Remote Work

5 remote work tips from remote-first companies

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The transition to remote work has all the feels. Like many teams, we’re navigating the transition to entirely remote work. Rather than reinventing the wheel, we’ve turned to our customers and community members for tips. Several of our customers have been operating remotely for years, and have developed effective strategies to empower their workers for success. Here are a few of our favorite tips.

1. GitLab: Host virtual coffee breaks 

Coffee breaks are ubiquitous in physical office environments. Why shouldn’t they play a role in remote environments too? At GitLab, remote employees are encouraged to take virtual coffee breaks to develop rapport and strong relationships. GitLab uses Slack to facilitate these virtual coffee breaks. The company’s “#donut_be_strangers” Slack channel leverages the Donut bot to randomly pair team members for coffee breaks. More and more companies are relying on Donut to facilitate virtual meetups—it’s worth checking out. 

Not only can virtual coffee breaks be a great way to foster connection in a virtual environment, but they can also enhance engagement. 

Pro tip: When partaking in virtual coffee breaks, take note of your colleagues’ coffee selections as they can be a powerful portal into their personalities. Dalgona coffee, anyone?

Asana on computer

2. Automattic: Set boundaries

When working remotely, it’s easy for work-life and personal life to blur. James Huff, a Happiness Engineer at Automattic—the company that produces WordPress—emphasizes the importance of separating your work and personal environments. At a fundamental level, this means setting specific hours for work and finding a dedicated workspace. But he also recommends taking more nuanced steps to separate work from general life. For example, he finds it effective to use separate computer browsers to delineate work and personal activities. He uses Firefox for work tasks and Safari for personal tasks.

3. Buffer: Establish Slack agreements 

In transitioning to remote work, many teams are doubling down on their use of Slack. Slack is great for increasing connectivity but it can also perpetuate an “always-on” feeling that may be overwhelming. To ensure Slack is used productively, software company Buffer has established 10 Slack Agreements to establish norms for appropriate communication in Slack channels. One agreement is “Use status and profiles to communicate availability.” By letting people know when you are and are not available, they’ll be able to gauge when it is appropriate to contact you and when you’re off the clock.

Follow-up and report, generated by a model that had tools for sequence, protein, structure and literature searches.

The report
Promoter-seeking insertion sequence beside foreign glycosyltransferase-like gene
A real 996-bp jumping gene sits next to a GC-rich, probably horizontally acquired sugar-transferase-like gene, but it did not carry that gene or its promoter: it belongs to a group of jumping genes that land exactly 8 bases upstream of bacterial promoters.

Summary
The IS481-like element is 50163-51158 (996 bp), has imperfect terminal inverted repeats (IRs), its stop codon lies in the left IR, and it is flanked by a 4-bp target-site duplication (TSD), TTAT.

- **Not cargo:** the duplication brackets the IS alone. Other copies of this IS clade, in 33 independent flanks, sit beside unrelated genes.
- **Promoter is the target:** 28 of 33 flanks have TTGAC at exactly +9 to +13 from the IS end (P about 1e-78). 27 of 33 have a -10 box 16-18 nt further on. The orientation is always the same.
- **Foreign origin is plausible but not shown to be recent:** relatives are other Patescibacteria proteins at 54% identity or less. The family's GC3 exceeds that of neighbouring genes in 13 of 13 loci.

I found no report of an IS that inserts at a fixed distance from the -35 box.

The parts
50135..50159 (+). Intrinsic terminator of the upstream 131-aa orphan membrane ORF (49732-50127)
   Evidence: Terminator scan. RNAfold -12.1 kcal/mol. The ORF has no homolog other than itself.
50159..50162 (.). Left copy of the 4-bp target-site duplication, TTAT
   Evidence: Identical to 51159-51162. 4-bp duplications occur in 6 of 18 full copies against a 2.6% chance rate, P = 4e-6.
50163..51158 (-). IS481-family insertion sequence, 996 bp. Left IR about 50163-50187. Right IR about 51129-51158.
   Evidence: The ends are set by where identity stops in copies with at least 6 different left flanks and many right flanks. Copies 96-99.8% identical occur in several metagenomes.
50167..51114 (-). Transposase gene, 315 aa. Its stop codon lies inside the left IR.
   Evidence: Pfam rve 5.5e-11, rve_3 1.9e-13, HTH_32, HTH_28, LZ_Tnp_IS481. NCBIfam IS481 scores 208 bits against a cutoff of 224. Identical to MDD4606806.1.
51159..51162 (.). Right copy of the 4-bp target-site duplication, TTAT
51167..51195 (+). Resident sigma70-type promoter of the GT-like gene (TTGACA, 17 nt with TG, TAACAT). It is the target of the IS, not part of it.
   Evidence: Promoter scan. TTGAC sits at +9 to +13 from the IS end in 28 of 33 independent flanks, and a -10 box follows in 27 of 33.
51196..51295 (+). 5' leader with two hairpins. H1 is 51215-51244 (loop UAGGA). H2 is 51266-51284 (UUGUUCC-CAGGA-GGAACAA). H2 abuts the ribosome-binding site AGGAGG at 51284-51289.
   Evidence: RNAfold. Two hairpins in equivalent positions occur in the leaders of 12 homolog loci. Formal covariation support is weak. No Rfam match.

Another of Buffer’s Slack agreements is “Communicate proactively.” This has to do with communication cadence. Rather than pinging someone with a salutation such as “Hi, Jack!” and waiting for a reply, Buffer recommends including all the context that is needed in the same initial ping. Buffer recommends including all relevant links, documents, desired response times, and “anything that can move the conversation forward asynchronously” in the initial ping. You can check out the full list of Slack agreements here.

4. Hotjar: Make your space productive

A study by Princeton University researchers published in The Journal of Neuroscience found that a cluttered physical environment negatively affects our ability to focus and process information. 

Behavior analytics company, Hotjar is adamant that a productive workspace is a prerequisite to effective remote work. Hotjar gives employees €4,000 to build their own office space at home. Empowering employees to construct a personalized, decluttered personal office helps increase productivity. If employees’ ironing boards are doubling as stand-up desks, productivity is likely to take a steep, albeit wrinkle-free, nosedive. 

Asana desk close up

5. Close: Over-communicate

Communication is a prerequisite to empowering an effective remote workforce. At inside sales CRM company, Close, communication is top-of-mind for all workers. Close’s communication mantra is: whenever you’re wondering if you should say something, the answer is always yes.

For Close, radical transparency is the name of the game. Whether it’s customer communication, senior-level decision making, or financial metrics, Close believes that it is important for employees to have a 360-degree view of the company. When everyone tends towards over-communication, workers are empowered with context that enables them to feel a greater sense of ownership and work more independently towards big picture objectives. 

Ready for effective remote work?

While there’s no one-size-fits-all-solution for remote work, there are several strategies and tactics that have proven effective. Remote work doesn’t need to mean disengaged work. Learn more about how Asana can help your remote team connect and collaborate, and sign up for free today.

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